As any budding scientist, I spend a lot of time reading the literature in my field to find sound methods and come up with novel ideas. I often forget details of paper #45 when I’m reading paper #145, so I naturally go and reread (skim) the older one. I especially do this when I’m writing a proposal or a manuscript because it certainly wouldn’t make sense to just sorta, kinda remember and go with my gut on what paper #45 concluded. There is an assumption that, based on the ethics of science, fellow scientists understand and value the importance of properly citing previous studies, giving credit where it is due, and not falsifying data.
Unfortunately, I fear too many academics write manuscripts without checking their facts or reviewing papers they haven’t read for months (or even years). Of course, it is up to me, the reader, to check references and use my critical thinking skills to decide which statements may be a bit off and which I can trust because it is from a classic paper. However, for the sake of advancing science, it is crucial that we check our facts and not default to a fuzzy memory.
It goes without saying that there is no magic fairy or full-time reference-checker that is going through each citation in a peer-review process. Human beings, likely academics with extremely busy schedules, are reviewing the manuscript and they don’t have time to check every reference. They may have read most of them, sure, given that they are supposed to be an expert in your field, but they likely have not read them all.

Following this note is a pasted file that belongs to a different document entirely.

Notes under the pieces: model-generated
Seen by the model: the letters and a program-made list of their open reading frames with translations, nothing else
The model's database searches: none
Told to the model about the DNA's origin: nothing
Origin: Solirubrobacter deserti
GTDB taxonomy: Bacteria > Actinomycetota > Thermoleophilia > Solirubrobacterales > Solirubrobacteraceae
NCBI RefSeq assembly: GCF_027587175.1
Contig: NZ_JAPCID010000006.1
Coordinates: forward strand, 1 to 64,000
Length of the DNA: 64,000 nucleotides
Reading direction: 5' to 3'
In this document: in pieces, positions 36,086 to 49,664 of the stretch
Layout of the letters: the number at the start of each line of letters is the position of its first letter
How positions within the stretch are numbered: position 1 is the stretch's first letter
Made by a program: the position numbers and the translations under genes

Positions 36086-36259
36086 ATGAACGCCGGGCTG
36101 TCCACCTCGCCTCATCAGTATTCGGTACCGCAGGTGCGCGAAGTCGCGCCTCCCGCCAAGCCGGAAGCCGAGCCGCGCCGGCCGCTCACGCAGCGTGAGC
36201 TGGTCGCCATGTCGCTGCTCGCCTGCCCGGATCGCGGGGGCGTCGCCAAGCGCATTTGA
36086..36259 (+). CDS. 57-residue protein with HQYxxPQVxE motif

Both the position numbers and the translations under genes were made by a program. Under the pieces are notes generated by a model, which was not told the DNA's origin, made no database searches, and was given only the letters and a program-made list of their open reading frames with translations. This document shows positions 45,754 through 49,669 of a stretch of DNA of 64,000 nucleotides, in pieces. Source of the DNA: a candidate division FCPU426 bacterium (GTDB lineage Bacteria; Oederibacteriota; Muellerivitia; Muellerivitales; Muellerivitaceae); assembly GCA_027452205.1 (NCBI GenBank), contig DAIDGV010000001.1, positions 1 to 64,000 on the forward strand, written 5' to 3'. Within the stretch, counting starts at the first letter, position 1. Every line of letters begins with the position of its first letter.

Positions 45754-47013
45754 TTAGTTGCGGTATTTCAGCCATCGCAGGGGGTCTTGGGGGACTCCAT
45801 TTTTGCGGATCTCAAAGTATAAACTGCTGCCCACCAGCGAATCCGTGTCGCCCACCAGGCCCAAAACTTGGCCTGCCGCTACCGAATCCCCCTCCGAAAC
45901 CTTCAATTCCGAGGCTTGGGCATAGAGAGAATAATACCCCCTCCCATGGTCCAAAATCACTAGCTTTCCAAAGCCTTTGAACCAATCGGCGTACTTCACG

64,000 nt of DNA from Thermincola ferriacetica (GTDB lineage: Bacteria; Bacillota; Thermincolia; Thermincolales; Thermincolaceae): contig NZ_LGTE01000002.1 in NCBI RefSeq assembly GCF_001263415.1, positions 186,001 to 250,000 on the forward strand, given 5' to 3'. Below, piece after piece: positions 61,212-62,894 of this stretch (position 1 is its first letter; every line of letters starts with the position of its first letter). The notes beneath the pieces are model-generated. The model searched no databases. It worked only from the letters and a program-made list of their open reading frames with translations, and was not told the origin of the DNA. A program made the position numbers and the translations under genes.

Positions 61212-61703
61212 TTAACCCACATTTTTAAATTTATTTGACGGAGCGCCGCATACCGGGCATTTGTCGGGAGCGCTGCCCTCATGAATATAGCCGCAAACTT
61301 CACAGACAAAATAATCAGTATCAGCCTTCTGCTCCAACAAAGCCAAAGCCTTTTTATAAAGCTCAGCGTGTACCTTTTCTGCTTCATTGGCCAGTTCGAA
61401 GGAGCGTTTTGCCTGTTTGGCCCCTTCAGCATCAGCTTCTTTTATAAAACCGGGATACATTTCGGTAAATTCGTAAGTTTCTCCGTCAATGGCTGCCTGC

Improperly citing studies can be damaging for a couple reasons.
1. I look at the first author (sometimes gasping in disbelief if it is someone I admire) and wonder how they could submit something so sloppy.
2. It damages the advancement of science. As a simple example, if I am designing a study and I’m interested in trying method A, I may be reading a paper that says, “…Shenanigans and colleagues tried method A and it was a failure”. Well, thankfully, I check into that paper before giving up all hope that method A is a failure because it may just turn out that they had contamination. Worse, I have read manuscripts that blatantly state the opposite of what a study found because it is clear they read only the title and not the content of the paper. From conversations with colleagues, I am not the only one that has had an issue with this.
Just as a graduate committee member should be able to read a proposal with confidence that the references and information you cite are products of hard work and integrity on your part, putting your ideas and findings out there in peer-review for everyone to see should come with the same expectation. Sadly, if people are sloppy with their citations, I wonder about their research. This post is as much about a small vent as it is about cautioning others to check, check, check.